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November 24, 2014
France's Sigfox has big ambitions to build a global network dedicated to the Internet of Things (IoT) that runs in parallel to today's GSM/LTE networks.
But that doesn't mean Sigfox is positioning itself as a competitor to mobile operators. Instead it intends to spread its networks beyond its current markets of France, the Netherlands and Spain by developing service partnerships with mobile carriers in other parts of Europe and in Asia, and rolling out networks in cities in the US.
"We are in discussions with major carriers in a number of different countries," says Ludovic Le Moan, CEO of Sigfox.
Sigfox's hope is that operators will use its network, which runs in unlicensed narrowband frequencies in the 915MHz and 868MHz ranges and makes very low power demands on devices, as a low-cost backup or alternative to their existing networks when providing M2M connectivity.
Using existing GSM networks for M2M is not efficient, he notes. "If you're not sending much data, then the power consumption of GSM networks is not adapted." Instead, a network optimized for M2M can be used for much of the time, and when necessary, it's possible "to wake up GSM if there is a need to send large amounts of data, such as a video," says Le Moan.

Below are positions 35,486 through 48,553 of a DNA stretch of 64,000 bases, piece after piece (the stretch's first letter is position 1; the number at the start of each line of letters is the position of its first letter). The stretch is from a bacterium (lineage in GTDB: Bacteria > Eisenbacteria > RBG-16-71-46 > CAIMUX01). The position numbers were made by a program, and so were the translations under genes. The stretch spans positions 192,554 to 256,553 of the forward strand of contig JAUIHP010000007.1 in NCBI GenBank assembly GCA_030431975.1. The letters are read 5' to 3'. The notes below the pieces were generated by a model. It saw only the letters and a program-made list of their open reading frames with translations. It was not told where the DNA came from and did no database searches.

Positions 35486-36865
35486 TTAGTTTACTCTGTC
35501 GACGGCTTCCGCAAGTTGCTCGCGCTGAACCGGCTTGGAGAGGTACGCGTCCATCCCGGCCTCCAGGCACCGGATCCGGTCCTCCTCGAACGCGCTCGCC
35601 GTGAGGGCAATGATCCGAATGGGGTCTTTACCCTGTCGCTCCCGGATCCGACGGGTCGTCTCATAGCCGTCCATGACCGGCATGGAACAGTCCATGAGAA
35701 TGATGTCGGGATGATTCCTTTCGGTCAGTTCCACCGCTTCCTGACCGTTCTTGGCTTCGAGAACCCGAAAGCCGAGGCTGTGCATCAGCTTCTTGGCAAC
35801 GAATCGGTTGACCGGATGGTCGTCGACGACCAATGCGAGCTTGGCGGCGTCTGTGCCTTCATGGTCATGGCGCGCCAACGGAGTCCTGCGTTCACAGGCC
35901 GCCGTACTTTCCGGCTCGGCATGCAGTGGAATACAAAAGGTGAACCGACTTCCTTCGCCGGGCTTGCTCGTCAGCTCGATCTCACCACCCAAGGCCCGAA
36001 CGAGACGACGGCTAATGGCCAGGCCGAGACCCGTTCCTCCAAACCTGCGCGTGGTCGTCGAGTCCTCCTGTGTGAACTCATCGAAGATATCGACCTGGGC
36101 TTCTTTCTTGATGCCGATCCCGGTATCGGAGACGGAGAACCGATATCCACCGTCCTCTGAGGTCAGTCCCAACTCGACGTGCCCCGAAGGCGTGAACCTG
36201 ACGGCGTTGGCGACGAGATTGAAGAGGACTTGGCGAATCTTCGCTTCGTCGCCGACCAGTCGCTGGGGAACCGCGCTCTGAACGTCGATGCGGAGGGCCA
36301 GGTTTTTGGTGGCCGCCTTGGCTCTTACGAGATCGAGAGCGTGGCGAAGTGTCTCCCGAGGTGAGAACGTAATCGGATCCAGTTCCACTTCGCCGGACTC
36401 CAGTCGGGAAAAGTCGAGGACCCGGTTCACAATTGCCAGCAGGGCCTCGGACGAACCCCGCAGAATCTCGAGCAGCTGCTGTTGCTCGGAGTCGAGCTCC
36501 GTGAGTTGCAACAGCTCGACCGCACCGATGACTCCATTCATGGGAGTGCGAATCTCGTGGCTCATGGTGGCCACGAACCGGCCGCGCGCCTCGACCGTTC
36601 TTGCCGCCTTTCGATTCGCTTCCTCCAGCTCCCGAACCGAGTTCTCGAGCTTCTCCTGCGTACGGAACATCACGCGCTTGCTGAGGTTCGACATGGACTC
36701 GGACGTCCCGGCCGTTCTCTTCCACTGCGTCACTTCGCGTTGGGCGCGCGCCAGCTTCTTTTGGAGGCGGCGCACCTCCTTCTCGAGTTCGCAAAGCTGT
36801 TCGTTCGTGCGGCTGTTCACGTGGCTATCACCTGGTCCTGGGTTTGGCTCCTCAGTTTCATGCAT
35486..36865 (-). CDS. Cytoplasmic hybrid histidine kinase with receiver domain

Figure 1: International Ambitions Sigfox CEO Ludovic Le Moan has ambitions to put Sigfox on the global IoT networking map.
Sigfox, which launched five years ago, has built its own national network in France and charges enterprises subscription fees for connecting objects. The company estimates it can break even in France once it has connected 3-4 million objects at a cost to customers of approximately €1 or €2 per connection, per year. Contracts with Securitas Direct in Spain and the French insurance giant MAAF mean the company can expect to have connected 400,000 objects by the end of 2014, rising to between 5 and 6 million objects by the end of 2016, according to Le Moan.
However, there is not much future for a technology used in only a smattering of European countries. So it's in Sigfox's interest to beat off potential rivals and bring on board mobile operators and global equipment suppliers as quickly as it can if it's to become one of the major market players.
As a result, Sigfox is working with partners to roll out its network on their existing cell towers and antennas -- a model that "enables us to significantly reduce capex and opex costs," says Le Moan.
Typically, Sigfox seeks 40% of revenues in return for its technology and network design, leaving 60% for the partners that deploy the networks. Sigfox also provides its software protocol free of charge to modem manufacturers and makes its cloud web services APIs available to enterprise customers. Texas Instruments Inc. (NYSE: TXN), Atmel Corp. (Nasdaq: ATML), Silicon Laboratories Inc. and Telit are among the companies that manufacture Sigfox-enabled modems, says Le Moan.
Sigfox has already partnered to build networks in Spain, the Netherlands and the UK, though not with major mobile carriers. In Spain, Sigfox is working with Abertis Telecom SA, which owns tower sites and provides telecoms and audiovisual services to broadcasters and telecom operators. In the UK a similar company, Arqiva , is set to use Sigfox's technology to roll out networks in 10 major cities in 2015. (See Metal Machine Music: Dedicated M2M Networks on Horizon.)